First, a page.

In today’s gospel, the disciples of Jesus seem like they’re in the big city for the first time. After following Jesus around the Judean countryside, they finally make it to Jerusalem—and they’re very impressed by what they see. Standing in the Temple complex, one of the disciples says to Jesus, “Look, Teacher, what large stones and large buildings!”
This disciple’s amazement reminds me of my first time in downtown Chicago. I’d seen photos of city skylines many times, but somehow, seeing firsthand the towering buildings of concrete and steel really took my breath away.
But it might have taken my breath away much more to hear Jesus say in the midst of my astonishment, “Do you see these great buildings? Not one stone will be left here upon another; all will be thrown down.”
The disciples must have been surprised by how quickly Jesus undercut their admiration for large buildings—the most significant buildings in their nation. But Jesus has been teaching this way for a while now: Predicting destruction that is to come, so that those who listen to him will have some advanced warning. So why does Jesus teach in this way—warning us about the collapse of our sacred buildings, about wars and rumors of wars, about earthquakes, about famines?
Jesus might make predictions like this so that we’ll all be super impressed by his powers of prophecy. When the Jerusalem Temple was in fact razed to the ground by Roman authorities in the year 70, 40 years after Jesus’ prediction, I’ll bet there were many people whose faith in Christ was confirmed: Jesus said it would happen, and it happened.
But is that all that Jesus means to accomplish by predicting the Temple’s destruction? To make us marvel at his prophetic powers? Events like the destruction of the Temple, or wars, or earthquakes, or famines might make us wonder why Jesus uses his power to predict them rather than to prevent them.
What’s more, Jesus doesn’t even give us enough specific information about the Temple’s fall, or wars, or earthquakes, or famines for any of us to be truly prepared. We don’t know the time. We don’t know the place. We might wonder why Jesus uses his power to predict these events rather than to protect us with the details that we need.
From today’s gospel, it seems like Jesus has a very specific purpose in making his vague predictions. It’s not so we’ll be impressed with his prophetic powers. It’s not so we’ll be prepared for and protected from what is to come. It’s so that whatever happens, whenever it happens, we won’t be so stunned that we’re led astray by false messiahs and worldly kings.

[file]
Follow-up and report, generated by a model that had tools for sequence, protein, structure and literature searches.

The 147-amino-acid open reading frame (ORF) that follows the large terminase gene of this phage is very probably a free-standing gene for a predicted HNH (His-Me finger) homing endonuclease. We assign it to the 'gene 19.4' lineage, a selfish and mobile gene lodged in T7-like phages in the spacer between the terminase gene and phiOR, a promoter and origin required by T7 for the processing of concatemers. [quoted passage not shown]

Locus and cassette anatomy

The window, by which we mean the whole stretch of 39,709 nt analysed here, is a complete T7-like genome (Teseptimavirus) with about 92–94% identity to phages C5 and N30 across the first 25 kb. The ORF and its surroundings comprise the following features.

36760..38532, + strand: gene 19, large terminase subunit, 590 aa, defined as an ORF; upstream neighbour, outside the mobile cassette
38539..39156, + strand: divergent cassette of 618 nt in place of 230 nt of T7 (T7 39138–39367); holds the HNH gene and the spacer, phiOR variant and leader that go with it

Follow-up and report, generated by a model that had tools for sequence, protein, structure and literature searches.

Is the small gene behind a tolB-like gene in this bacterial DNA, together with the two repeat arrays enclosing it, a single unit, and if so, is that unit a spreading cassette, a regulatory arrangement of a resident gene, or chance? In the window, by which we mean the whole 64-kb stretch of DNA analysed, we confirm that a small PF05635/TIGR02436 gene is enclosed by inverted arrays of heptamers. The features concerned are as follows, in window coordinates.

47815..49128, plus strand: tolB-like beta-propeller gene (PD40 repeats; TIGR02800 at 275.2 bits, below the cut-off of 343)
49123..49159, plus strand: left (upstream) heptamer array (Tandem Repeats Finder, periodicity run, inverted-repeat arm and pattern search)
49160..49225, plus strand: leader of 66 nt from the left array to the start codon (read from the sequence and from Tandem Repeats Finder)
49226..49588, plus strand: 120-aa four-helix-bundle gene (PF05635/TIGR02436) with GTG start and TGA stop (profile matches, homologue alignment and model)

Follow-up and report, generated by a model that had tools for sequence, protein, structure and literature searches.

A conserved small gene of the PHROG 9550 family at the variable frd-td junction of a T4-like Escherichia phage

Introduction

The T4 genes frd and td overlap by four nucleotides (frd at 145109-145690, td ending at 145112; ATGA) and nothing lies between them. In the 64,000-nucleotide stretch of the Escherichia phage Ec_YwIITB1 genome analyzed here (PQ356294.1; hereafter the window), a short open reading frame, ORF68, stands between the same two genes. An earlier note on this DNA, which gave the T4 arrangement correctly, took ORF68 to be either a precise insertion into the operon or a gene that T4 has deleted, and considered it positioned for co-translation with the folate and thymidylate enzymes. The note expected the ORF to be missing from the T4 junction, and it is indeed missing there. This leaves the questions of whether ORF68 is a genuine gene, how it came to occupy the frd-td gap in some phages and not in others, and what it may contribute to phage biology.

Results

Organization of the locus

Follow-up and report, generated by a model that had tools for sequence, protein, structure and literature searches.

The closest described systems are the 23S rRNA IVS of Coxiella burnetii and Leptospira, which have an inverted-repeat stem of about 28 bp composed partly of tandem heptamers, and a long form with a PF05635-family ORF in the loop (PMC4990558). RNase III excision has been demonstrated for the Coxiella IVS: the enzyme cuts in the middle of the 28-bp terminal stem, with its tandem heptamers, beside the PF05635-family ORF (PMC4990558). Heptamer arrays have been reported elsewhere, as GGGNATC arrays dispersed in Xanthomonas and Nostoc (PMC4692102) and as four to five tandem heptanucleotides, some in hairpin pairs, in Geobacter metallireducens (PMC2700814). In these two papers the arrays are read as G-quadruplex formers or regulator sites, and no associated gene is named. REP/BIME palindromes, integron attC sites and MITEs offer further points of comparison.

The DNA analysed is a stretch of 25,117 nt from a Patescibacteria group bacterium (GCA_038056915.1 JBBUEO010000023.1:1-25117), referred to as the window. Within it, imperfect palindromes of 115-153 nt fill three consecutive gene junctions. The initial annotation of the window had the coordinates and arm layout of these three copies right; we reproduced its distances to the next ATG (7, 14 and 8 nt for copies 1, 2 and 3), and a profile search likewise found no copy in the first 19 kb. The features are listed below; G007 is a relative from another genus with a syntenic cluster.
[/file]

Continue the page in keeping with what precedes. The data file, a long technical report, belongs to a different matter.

When these things happen—these building collapses, wars, disasters—Jesus says to his disciples, “Don’t be alarmed,” and “Beware that no one leads you astray.” What Jesus seems to know about these events—the collapse of buildings, the waging of wars, the natural disasters, the humanitarian emergencies—is not how to stop them or when exactly they will happen. What Jesus knows is that these things make human beings incredibly vulnerable to false messiahs. These events leave us wide open to being led astray by those who would lead us into a be-all, end-all battle with evil, when Jesus tells us that this is just the beginning.
When we hear of wars or other destructive events, it’s so tempting to choose a kingdom other than the kingdom proclaimed by Jesus. We could be so alarmed that we fall right into the hands of those who would say, “I am he!”—who declare themselves the next leader we supposedly need to save us. But Jesus warned us. Jesus knew better.
Jesus wasn’t the first to make a prediction like this about Jerusalem. The prophet Micah warned, and the prophet Jeremiah repeated, that “Jerusalem shall become a heap of ruins” (Micah 3:12; Jeremiah 26:18). Jesus isn’t really predicting something new in today’s gospel, or something that his disciples would never have heard before. He’s not setting up an opportunity for this prophecy to come to pass so he can later say, “I told you so.”
Rather, he’s telling people in advance about the fall of the Jerusalem Temple so that they won’t be alarmed, so that they won’t be led astray. So that they won’t misinterpret these events, looking for proof of God’s wrath, for people to blame, or for signs that the end of the world is coming any minute now. How quickly these moments can lead us astray rather than leading us into God’s kingdom of justice and peace.
In today’s gospel, Jesus prepares his disciples, so that when the most impressive and iconic building in their capital city falls to the ground, they won’t be led astray. They won’t be so taken by surprise—and fear, and anger—that they fall into step behind warrior-messiahs.
We have our advanced warning from Jesus: “Do you see these great buildings? Not one stone will be left here upon another; all will be thrown down.” This prediction isn’t just proof of the prophetic powers of Jesus. And it’s not a tip-off that protects any of us from the violence of human beings or our unstable planet. This prediction isn’t really about what precisely will happen in the future, but about how we might respond when disasters happen.
By offering us this prediction in advance, Jesus hopes to preserve us when we’re most vulnerable, to keep us from being too alarmed and from being led astray. Jesus knew then and knows now how vulnerable we can be to the sights and sounds of destruction. He knows we might feel his absence from us and turn to the next person who claims, “I am he!”—the only leader who can save us right here and right now.
But Jesus hopes that his disciples instead won’t let the destruction of buildings, the waging of wars, or the faltering of the earth shake us from the course of following Christ . . . and that we’ll follow him into a kingdom that is shared with others through mercy, compassion, peacemaking, and generosity, right here on this earth and forever. Amen.